Why is it, then, that there seems to be an American amnesia about these previous events? The “seasonal flu” that causes little alarm these days is a sobering reminder that these old viruses are still around. Also, every year, the flu claims the lives of between 6,000 and 70,000 Americans, based on CDC estimates. Every new epidemic has similarities to past pandemics. According to epidemiologists and infectious disease specialists, many seasonal viruses are just enough different that previously-developed treatments and vaccines may offer some relief, but they are not foolproof. And no sure prevention or cure exists for any viral infection.
Like everyone else, I have never seen anything quite like this. I do, however, have some memories of 1957, 1968 and 1977. Recently, through research, I have learned more than I ever wanted to know about plagues, pandemics and the recurrent spread of virulent viruses.
It’s not the current number of infected, nor even the number of deaths that has me most concerned. I feel for those who become seriously ill, and I weep with those families who lose loved ones to a new respiratory virus, one for which there is no known treatment, and about which little is known. All of us are affected. I know with certainty that our “normal” will never be as it was.
But I also lived through the polio scare, measles and chicken pox, and knew of smallpox and tuberculosis. Even the plague. Yes, it too still exists. Bubonic plague cases are not uncommon, to this day, in the Mountain states, but it is a bacterial infection and it is spread differently, through direct contact with infected fleas. *(There are some researchers who now believe that the Black Death of the Middle Ages was not the plague at all, but a rapidly-spreading, highly-infectious virus instead.)
Looking Ahead to Post-pandemic life
What is most memorable about the 2020 pandemic may very well be the international reaction to it, the effect on global economies, and the disruption of every aspect of our lives. It was informally tagged COVID-19 because it was first reported to the World Health Organization office in China as a novel form of pneumonia on December 31, 2019. On February 11, 2020, is was officially christened as SARS-CoV-2, because it is a “genetic cousin” of the 2002 SARS virus.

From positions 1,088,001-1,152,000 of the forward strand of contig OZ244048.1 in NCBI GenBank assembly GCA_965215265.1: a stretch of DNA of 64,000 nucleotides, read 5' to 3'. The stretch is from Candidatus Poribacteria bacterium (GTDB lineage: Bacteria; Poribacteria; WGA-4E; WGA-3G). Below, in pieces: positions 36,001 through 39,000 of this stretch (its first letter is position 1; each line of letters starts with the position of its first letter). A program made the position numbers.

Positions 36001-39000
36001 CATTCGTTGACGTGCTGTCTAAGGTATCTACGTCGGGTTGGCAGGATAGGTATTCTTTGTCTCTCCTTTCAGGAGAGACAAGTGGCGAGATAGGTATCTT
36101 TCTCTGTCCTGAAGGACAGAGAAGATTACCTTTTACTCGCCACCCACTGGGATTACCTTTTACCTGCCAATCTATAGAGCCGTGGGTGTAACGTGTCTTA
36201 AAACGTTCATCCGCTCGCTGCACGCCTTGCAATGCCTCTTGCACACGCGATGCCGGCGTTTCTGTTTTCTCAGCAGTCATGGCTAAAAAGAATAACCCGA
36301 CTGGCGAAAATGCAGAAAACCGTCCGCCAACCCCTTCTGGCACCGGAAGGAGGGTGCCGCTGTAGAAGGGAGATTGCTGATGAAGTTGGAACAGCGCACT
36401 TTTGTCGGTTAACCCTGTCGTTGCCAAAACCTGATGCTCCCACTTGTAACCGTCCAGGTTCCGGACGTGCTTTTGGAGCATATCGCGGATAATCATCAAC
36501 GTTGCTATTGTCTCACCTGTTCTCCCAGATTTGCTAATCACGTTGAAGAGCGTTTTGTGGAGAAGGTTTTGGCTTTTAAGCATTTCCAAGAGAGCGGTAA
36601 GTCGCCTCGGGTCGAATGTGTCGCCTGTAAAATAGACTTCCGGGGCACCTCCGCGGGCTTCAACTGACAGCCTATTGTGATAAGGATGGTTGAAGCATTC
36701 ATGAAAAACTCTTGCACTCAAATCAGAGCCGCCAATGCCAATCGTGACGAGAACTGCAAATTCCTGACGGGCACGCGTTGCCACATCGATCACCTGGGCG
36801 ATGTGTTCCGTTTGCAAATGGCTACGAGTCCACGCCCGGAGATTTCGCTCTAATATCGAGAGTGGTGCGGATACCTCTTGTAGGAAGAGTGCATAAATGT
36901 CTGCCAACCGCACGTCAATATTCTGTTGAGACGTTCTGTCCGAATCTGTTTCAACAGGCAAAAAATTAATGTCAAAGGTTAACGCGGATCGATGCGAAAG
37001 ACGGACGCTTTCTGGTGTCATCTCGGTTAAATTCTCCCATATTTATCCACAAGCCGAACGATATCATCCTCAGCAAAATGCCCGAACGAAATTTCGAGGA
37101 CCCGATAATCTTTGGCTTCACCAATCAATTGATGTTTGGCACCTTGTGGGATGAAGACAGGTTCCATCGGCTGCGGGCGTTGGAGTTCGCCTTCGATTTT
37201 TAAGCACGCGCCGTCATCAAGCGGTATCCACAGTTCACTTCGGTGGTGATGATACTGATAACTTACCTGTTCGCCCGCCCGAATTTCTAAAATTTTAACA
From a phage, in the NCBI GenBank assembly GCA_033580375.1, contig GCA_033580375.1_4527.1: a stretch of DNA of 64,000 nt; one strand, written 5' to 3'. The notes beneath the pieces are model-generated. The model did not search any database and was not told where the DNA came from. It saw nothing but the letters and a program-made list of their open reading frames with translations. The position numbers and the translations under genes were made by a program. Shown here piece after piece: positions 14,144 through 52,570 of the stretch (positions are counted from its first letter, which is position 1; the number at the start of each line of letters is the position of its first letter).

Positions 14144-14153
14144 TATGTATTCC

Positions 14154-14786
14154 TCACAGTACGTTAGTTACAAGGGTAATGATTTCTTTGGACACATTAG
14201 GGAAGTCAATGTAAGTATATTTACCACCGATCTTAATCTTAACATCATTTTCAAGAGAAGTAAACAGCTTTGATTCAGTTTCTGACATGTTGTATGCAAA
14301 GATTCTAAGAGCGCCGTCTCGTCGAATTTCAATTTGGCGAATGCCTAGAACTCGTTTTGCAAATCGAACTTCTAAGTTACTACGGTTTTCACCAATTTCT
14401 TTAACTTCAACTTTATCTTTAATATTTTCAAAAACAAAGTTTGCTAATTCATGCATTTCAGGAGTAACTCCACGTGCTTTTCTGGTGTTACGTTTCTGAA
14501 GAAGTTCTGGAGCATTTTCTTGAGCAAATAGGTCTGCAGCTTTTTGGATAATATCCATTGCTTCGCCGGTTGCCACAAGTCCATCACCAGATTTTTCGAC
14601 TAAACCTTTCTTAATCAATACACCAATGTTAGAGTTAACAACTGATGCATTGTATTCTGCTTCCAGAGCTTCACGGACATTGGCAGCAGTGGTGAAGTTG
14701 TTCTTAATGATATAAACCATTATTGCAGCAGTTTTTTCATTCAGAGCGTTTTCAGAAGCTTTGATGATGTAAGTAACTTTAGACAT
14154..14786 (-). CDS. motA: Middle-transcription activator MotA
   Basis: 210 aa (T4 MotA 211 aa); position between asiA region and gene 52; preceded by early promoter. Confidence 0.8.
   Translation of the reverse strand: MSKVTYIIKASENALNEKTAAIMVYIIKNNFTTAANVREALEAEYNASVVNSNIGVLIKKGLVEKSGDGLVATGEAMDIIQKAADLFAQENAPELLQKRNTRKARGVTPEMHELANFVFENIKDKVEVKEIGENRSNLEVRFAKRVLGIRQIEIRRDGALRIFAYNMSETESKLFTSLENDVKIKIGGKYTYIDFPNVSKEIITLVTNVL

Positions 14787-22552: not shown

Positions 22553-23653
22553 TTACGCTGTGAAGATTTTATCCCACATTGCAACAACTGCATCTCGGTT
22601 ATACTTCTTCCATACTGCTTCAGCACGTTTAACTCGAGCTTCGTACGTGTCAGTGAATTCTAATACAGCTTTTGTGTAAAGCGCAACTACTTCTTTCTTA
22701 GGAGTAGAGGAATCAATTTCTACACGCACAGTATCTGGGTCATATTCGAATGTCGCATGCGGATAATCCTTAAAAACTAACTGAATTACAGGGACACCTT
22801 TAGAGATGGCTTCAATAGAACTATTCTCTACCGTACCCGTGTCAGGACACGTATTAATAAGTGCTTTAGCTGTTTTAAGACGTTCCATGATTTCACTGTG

Just in case you didn’t know, there are only seven coronaviruses that have been identified: Four cause the “common cold,” and three are the triggers for SARS, MERS and the current pandemic. Whether that should make us all feel better or lead to additional worries is debatable.
However, whether there is a second wave of the current novel Coronavirus, or it continues to be a seasonal viral infection much like the H1N1, it’s foolish to assume there will be no more epidemics — even serious pandemics — in our lifetime. They happen regularly. And there may be more novel coronaviruses identified in the future.
To return to Dr. Birx’s statement about global response. No, governments have never before acted even remotely as they did at the onset of this infection. (Well, maybe the Black Plague?)
The response in 2020 is unprecedented not only in scale, but in geography, economic upheaval, and in disruption of normal activity. Self-isolation, mandated shutdowns, cancelled classes and closed schools, shuttered businesses, perceived shortages of healthcare equipment, sickness and death are by no means localized phenomena. But we have become a mobilized and global society, and that allowed the virus to spread quickly throughout the world.
Statistics and Sadness
The truth is that we have been here before, even though we have forgotten. Is it perhaps more normal than we think?
On Wednesday afternoon, April 2, the number of confirmed cases worldwide of COVID-19 surpassed one million. The number of deaths related to this new virus stood at not quite 51,500. Nine days later, at about noon in my time zone on Saturday, April 11, the statistics were horrifically different: 1,724,736 cases confirmed globally, and 104,938 deaths.
One week later, according to the daily statistics, there were 2,256,844 confirmed cases worldwide, with 154,350 deaths. On April 18, the number of fatalities in the United States was edging toward 33,000. To my horror, this morning, just one day later, the number of deaths has passed 39,000 in this country, with 742,637 confirmed cases in the United States alone. Global deaths now are over 162,000, with 2,355,676 confirmed cases.
Thankfully, the number of new infections seems to be slowing. American hospitals have not been overwhelmed as originally feared, but in other nations, the outlook has been grim. Still, though, it’s necessary to compare the number of deaths with the totals from other 20th-Century pandemics to gain a better perspective.
It’s a terrible thing to feel quite this helpless in a time so filled with scientific knowledge and modern technology, isn’t it?
Note: This is the fourth in a series of posts I have dubbed “Corona Chronicles.” The first was Twists of fate, published February 14, 2020, before the spreading viral infection had actually been declared a pandemic, followed by Faraway and the here & now March 23, 2020, and Look for the silver lining on April 17, 2020. There are more to come.